Although the museum’s recent move to free admission has brought a wider range of the population into the museum, there is work ahead to connect with ‘cautious’ and ‘disengaged’ audiences (as described by researchers’ segmentation of the Australian climate audience).
“We are great at meeting the ‘concerned’ and ‘alarmed’ audience segments,” Jenny tells us, “but we need to help everyone to see that what’s going on in the environment around them is relevant and will impact the people and places they care about.”
This has spurred the museum on beyond the digital sphere. A programme to engage directly with local communities is in development, working with schools and community groups in rural and regional areas.
Jenny explains: “We’ll go to towns and ask people about the environmental changes they are noticing in their area and how they’re responding.”
School groups and others will work with residents to document local viewpoints and stories of resilience and innovation, which can then be shared through museum channels and local media. “We expect this to help people to reflect on what they want for future generations and how to get there,” adds Jenny.
Advancing First Nations knowledge is a core strategic priority, and environmental stewardship and First Nation approaches to caring for Country sit at the heart of the museum’s work. The recently-announced appointment of Laura McBride as Director, First Nations, to the executive leadership team will revolutionise further how the climate and First Nations work align.
Again, what’s presented to the public matches what happens behind the scenes. Zehra explains: “When we talk about sustainable procurement, we link that to cultural sustainability. Supply Nation, where you purchase through businesses run or owned by Indigenous peoples, is a significant part of our procurement plan.”
Jenny and Zehra navigate between the urgency of the crisis and the pace of the cultural sector: “My superpower is selective deafness,” says Zehra, “because although I get told ‘no’ a lot, I hear ‘yes’. I just take whoever is with me and run with it as quickly as possible.”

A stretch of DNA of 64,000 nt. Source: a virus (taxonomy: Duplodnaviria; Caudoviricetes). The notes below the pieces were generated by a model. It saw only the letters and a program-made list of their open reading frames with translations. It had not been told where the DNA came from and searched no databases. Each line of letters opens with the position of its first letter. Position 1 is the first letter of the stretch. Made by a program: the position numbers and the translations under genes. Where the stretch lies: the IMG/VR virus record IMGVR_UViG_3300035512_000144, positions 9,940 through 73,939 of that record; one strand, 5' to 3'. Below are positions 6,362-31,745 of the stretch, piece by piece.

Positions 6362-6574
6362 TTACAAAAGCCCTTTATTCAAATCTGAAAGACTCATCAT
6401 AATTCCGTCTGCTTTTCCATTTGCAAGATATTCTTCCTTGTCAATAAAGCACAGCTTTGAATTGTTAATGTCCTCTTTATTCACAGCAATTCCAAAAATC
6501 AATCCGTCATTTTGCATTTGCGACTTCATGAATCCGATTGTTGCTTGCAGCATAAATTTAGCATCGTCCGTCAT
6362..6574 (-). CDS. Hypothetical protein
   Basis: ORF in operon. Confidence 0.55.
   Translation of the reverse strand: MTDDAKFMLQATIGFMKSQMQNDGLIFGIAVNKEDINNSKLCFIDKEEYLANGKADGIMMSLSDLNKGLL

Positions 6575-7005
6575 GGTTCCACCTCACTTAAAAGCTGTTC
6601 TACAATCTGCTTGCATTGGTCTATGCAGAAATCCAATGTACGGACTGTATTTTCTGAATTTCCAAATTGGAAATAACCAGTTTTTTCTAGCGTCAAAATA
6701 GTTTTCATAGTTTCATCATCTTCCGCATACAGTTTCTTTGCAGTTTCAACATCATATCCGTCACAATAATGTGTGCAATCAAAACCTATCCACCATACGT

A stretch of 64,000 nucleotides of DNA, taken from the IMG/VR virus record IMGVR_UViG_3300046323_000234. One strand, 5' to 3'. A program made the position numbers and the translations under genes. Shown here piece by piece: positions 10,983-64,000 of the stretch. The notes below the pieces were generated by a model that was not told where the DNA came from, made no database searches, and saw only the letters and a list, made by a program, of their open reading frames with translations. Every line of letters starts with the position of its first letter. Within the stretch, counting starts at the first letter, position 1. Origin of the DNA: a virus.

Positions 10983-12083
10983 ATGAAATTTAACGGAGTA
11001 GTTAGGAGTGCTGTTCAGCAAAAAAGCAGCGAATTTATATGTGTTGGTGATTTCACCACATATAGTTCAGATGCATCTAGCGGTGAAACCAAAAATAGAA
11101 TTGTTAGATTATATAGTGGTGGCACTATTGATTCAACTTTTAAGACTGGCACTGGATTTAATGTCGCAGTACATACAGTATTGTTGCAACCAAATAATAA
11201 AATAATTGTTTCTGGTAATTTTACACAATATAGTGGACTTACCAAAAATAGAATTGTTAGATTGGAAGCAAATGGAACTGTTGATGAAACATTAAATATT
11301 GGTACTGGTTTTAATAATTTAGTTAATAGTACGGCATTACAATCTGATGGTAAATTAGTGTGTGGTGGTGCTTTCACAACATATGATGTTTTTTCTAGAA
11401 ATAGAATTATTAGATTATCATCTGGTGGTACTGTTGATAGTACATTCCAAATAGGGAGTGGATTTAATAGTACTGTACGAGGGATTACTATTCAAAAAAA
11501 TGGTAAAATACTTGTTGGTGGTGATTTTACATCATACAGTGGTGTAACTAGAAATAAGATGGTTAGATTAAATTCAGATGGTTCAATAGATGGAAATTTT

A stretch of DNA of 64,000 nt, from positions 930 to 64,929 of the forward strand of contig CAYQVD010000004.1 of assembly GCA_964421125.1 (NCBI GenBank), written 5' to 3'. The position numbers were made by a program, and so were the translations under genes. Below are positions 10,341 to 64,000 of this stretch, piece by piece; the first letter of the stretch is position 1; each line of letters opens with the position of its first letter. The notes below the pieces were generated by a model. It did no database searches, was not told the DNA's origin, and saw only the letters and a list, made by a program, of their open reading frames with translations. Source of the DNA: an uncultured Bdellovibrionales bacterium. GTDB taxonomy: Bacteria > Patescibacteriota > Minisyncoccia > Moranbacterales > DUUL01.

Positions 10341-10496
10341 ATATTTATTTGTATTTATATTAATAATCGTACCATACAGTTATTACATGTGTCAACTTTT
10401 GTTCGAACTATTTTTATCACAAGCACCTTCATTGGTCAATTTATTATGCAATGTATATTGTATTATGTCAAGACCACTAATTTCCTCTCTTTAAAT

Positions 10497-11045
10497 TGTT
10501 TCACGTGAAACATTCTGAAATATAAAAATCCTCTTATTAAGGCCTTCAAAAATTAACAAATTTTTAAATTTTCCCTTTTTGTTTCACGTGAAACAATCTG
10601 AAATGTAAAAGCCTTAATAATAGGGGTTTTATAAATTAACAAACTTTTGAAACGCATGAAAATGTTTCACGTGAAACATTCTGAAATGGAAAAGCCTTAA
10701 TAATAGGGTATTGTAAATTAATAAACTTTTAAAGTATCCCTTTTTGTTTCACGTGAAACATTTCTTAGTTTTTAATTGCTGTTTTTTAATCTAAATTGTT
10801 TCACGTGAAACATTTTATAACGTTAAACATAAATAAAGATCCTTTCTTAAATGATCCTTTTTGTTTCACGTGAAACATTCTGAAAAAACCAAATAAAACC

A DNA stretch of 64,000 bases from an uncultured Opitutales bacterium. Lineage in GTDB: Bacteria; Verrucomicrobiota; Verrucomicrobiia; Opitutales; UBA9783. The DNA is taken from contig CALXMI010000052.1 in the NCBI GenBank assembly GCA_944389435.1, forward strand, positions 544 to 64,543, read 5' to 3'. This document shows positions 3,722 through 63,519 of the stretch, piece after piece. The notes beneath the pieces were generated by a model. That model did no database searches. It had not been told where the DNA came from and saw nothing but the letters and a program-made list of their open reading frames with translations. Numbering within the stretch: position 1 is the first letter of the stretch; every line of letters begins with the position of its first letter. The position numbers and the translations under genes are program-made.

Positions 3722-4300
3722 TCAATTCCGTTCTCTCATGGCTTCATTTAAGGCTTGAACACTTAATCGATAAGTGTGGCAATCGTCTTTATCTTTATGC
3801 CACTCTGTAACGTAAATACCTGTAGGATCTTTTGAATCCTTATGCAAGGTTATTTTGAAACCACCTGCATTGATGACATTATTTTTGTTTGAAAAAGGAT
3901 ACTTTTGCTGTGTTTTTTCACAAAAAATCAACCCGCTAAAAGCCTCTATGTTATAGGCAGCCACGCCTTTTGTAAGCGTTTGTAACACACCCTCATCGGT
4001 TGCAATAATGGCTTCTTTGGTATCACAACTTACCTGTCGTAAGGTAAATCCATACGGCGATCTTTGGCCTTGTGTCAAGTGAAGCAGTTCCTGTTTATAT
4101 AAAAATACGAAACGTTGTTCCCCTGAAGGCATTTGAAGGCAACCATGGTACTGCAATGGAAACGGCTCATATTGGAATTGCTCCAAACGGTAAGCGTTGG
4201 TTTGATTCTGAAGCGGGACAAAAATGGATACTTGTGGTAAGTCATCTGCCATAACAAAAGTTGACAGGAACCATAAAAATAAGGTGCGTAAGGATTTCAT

The need for speed motivates Jenny too: “I’ve got this responsibility,” she explains “to help extend understanding about the need to better care for our country and each other, now. Time is running out.”
Collaboration is key: whether working with Climate Outreach in the UK on effective climate communications or with other cultural institutions focused on advancing climate action, such as the Climate Museum in New York, the Carnegie Museum of Natural History, Pittsburgh, Natural History Museum, London, and the Jockey Club Museum of Climate Change in Hong Kong. Jenny also facilitates collaboration as the founder of the worldwide community of interest, Museum & Climate Change Network.
Artists are vital contributors to the Australia Museum’s work as well: “It’s great collaborating with artists around the Pacific and in Australia,” says Jenny. “They bring a powerful new way of presenting really powerful perspectives on climate change.”
Jenny remains encouraged by progress around the world such as the achievements of Miranda Massie at the Climate Museum or Henry McGhie’s ‘Curating Tomorrow’ work. “It’s a lot more positive than when I started working in climate change in museums about a decade ago – now it feels like a groundswell.”
And Zehra isn’t slowing down any time soon: “I’m genuinely excited about our next three year plan: it includes really cool things like a total ban on plastic, reducing waste diversion, encouraging closed loop systems so that no materials go to landfill, a switch to electric vehicles and building sustainable exhibitions.”
The challenges may be mighty, but with the commitment, excitement – and imagination – of institutions such as the Australia Museum and their audiences, there is also hope.
AtlasAction: Check out the Changing Climate display, take part in one of the citizen science projects or support the museum’s work by becoming a Member.
Dr Jenny Newell, Manager Climate Change Projects and Zehra Ahmed, Sustainability & Access Projects Coordinator
This project has been selected as part of CultureFutures, a storytelling project that maps creative and cultural projects with a social mission – and the artists, collectives and entrepreneurs behind them. Atlas of the Future is excited to join forces with Goldsmiths Institute of Creative and Cultural Entrepreneurship and the British Council Creative Economy.